All around Kansas City, they’re breaking out in cold sweats. They’re closeted in conference rooms, lunch rooms, and clustered around desks. They’re eating, sleeping, and breathing their study guides. They’re adults preparing for a spelling bee.
Hosted by Literacy Kansas City, the 19th annual Corporate Spelling Bee will be held on Thursday, April 25 at the University of Missouri-Kansas City’s (UMKC) Pierson Hall. “The event is one of our biggest fundraisers of the year and we are still accepting teams and sponsors,” says Carrie Coogan, Literacy Kansas City’s executive director. “We ask metro-wide corporations to sponsor and recruit employees to create a team. The team then competes against other companies in a real life spelling bee.”
According to Literacy Kansas City, about 225,000 adults in the Kansas City area function at the lowest literacy level. Their mission is to erase that figure. Since 1985, Literacy Kansas City and its volunteers have taught thousands to read. They are constantly recruiting volunteers and students for their programs. According to Coogan, one of the best ways to recruit volunteers is by word of mouth from other volunteers. “We also regularly attend resource, job and event fairs. We speak at churches, community groups, rotary clubs, businesses, organizations and we hold monthly ’Literacy Kansas City is Changing Lives’ events at our offices and Learning Center to show how our program works and you get to hear from a student and tutor about how our services and the help they receive is changing their life for the better.”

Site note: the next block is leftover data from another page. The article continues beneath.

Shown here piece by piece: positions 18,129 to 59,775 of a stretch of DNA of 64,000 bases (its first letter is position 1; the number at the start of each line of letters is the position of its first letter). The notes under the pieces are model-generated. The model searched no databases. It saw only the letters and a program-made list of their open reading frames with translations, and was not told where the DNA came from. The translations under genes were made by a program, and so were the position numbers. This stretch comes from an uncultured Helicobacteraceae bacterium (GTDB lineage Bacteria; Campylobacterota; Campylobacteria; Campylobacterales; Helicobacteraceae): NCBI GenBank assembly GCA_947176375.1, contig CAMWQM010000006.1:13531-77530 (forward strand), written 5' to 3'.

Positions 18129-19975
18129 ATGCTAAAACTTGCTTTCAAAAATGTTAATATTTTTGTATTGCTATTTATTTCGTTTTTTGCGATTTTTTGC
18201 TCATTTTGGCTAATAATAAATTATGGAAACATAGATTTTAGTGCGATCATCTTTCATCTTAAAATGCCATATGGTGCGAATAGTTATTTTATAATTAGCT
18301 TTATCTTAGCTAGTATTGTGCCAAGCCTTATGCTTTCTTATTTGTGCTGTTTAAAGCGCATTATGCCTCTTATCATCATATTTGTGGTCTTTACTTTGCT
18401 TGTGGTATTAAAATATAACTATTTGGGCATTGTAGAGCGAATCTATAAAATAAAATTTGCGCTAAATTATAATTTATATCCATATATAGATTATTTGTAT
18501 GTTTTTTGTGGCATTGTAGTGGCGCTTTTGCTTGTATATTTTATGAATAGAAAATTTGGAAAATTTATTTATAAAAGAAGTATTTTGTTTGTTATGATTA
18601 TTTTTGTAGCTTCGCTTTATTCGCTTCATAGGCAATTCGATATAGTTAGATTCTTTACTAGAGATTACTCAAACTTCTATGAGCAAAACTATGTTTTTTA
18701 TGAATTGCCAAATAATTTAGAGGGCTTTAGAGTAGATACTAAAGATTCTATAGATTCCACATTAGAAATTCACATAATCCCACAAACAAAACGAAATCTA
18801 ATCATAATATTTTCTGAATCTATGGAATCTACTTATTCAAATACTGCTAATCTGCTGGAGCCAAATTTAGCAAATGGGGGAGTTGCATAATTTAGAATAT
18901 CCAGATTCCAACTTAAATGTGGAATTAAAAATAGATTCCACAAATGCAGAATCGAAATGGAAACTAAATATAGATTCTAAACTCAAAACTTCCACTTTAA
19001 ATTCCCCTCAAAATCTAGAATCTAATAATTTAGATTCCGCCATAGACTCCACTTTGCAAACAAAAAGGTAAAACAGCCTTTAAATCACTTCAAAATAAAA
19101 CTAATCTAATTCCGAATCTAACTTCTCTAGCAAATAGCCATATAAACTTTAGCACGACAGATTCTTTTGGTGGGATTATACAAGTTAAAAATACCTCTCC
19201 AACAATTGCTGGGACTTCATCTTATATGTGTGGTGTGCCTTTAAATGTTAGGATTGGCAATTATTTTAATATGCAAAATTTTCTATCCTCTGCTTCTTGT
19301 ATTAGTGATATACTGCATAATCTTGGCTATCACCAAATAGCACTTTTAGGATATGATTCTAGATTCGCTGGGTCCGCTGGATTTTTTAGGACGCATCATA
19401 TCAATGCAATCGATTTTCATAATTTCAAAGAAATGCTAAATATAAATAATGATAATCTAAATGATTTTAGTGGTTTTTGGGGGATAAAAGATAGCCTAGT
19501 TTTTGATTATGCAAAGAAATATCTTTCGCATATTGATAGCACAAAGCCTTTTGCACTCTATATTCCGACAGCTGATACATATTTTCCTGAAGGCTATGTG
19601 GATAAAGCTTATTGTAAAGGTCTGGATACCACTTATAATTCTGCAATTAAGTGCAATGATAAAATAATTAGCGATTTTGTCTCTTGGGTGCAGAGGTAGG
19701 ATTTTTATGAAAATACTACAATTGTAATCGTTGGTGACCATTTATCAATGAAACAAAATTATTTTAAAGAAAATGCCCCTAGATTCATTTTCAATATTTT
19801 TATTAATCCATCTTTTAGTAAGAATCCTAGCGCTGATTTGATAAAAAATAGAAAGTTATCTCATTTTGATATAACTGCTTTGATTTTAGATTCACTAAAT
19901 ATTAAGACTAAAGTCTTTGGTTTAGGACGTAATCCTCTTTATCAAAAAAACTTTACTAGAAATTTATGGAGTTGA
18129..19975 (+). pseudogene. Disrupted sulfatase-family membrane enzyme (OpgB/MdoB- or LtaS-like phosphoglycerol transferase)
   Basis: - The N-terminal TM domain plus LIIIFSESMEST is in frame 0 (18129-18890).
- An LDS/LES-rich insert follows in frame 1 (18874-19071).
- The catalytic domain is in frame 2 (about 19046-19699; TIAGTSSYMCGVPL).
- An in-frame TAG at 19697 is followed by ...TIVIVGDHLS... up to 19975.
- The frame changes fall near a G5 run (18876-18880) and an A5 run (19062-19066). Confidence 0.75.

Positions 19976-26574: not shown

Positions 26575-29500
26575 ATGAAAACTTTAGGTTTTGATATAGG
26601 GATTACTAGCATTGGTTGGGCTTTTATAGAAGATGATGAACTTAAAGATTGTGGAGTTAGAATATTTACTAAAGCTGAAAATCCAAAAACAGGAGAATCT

Coogan says Literacy Kansas City’s programs and services are presented at resource fairs and by reaching out to organizations and agencies such as Operation Breakthrough and Amethyst Place. “We also have a program (GEARS) we created to partner with Penn Valley Community College to help students entering college who need reading help and tutoring.
“GEARS is taught by a Literacy Kansas City instructor at Penn Valley to students who read below a fifth-grade level. We also provide services, support, and tutoring for people who are on probation and parole. When a person is on probation and parole they are required to get a job and get their general education development (GED). Many students need reading help before they can begin to take general education development GED prep courses,” Coogan says.
Food, drinks, and a live auction are also part of the spelling bee. “This year for the first time, thanks to a board member sponsorship, we have a team of volunteer tutors competing in the spelling bee,” Coogan says. To get involved with the spelling bee, volunteer, or inquire about services, you can reach Literacy Kansas City at 816-333-9332.